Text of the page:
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Nope, not what you think. As much as I am tempted to excoriate the Health Care Reform Meat & Greet, the ultimate result of that waste of time is obvious. We will have health care reform, there will be reconciliation, and some sort of public option will come to pass.
No, instead, I write of Faust, and how Chicago’s Lyric Opera treated his Damnation.
Considering that Berlioz (1803–69) had a distinct style, you would never expect his music to mix well with contemporary approaches to performance art. I mean, really. Strippers doing pole dances, Military enforcing martial law with AK 47s, sexy hot dances between various couples, the poisoning of an elderly mom – combined with a constant light show, both video based and using 10 or so stage wide hanging light strips that move, change color, and would probably excite a 1960’s hippie, if only he could find some clean acid to drop.
Yet, all of these elements, combined with an excellent score from Berlioz, work. It really shouldn’t be a surprise. After all, when operas were produced in the 17th, 18th and 19th centuries, they were spectacles, hugely popular events that pressed against (and sometimes exceeded) the contemporary societal limits. More than a few operas were banned as too risque, too politically uncomfortable. In many ways, the opera of the past was the Vagina Monologue of today.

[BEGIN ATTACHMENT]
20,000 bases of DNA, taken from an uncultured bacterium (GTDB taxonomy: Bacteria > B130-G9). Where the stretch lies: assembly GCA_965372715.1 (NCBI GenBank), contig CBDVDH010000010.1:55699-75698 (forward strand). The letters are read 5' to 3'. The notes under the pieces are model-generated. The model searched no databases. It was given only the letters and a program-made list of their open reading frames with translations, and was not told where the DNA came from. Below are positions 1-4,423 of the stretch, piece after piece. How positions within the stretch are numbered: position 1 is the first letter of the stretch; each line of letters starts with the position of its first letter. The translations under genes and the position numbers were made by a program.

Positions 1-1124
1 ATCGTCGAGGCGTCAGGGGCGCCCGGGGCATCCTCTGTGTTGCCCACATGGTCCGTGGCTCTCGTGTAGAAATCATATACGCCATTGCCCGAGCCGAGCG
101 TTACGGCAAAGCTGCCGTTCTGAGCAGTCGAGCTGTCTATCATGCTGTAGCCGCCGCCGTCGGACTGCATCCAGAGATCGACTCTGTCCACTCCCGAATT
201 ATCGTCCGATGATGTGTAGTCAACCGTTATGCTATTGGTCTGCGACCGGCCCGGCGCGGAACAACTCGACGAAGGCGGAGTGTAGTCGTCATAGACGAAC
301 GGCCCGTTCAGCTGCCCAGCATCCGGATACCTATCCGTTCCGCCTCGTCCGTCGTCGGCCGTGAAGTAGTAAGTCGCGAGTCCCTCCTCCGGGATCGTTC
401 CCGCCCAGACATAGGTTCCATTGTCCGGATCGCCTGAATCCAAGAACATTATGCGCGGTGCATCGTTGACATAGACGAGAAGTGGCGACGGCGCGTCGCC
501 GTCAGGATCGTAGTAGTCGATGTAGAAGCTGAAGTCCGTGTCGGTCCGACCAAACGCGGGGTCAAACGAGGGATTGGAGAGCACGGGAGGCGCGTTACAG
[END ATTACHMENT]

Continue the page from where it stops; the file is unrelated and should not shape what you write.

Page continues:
And what a spectacle it was. Every piece, every light show, and every set design and voice merged into something wonderful. This is precisely how operas should be done, in a way that amuses, confuses, excites, saddens, and enriches the spectator.
Conductor Sir Andrew Davis used the superb Lyric orchestra perfectly. The sound they created together could really not be done any better. The stage direction (Stephen Langridge’s Lyric debut) created mood after mood, exciting the audience, without ever becoming a distraction. The voices? Paul Groves’ Faust looked like it was tailored like a thousand dollar suit. Susan Graham (Marguerite) has the voice of an angel, both powerful enough for any duet, and delicate and emotional enough to sway the coldest of hearts. To say that Christian van Horn (Brander) is a character would be an understatement. Even an exaggerated move, with a sly glance at the audience suited his role wonderfully.
And then there was Mephistopheles. John Relyea’ Lyric debut created the perfect illusion. On one hand, the consummate used car salesman, purple suit and all, on the other, John created the perfect devil. Think of Dick Cheney with a sense of humor, and you get a glimpse of the complex, fascinating and deep character that Relyea concocted onstage.
All four principles had two things in common: great acting ability, combined with voices that shone and worked the Berlioz score to perfection.
Damnation – a great story, and an even better Lyric debut. HIGHLY RECOMMENDED!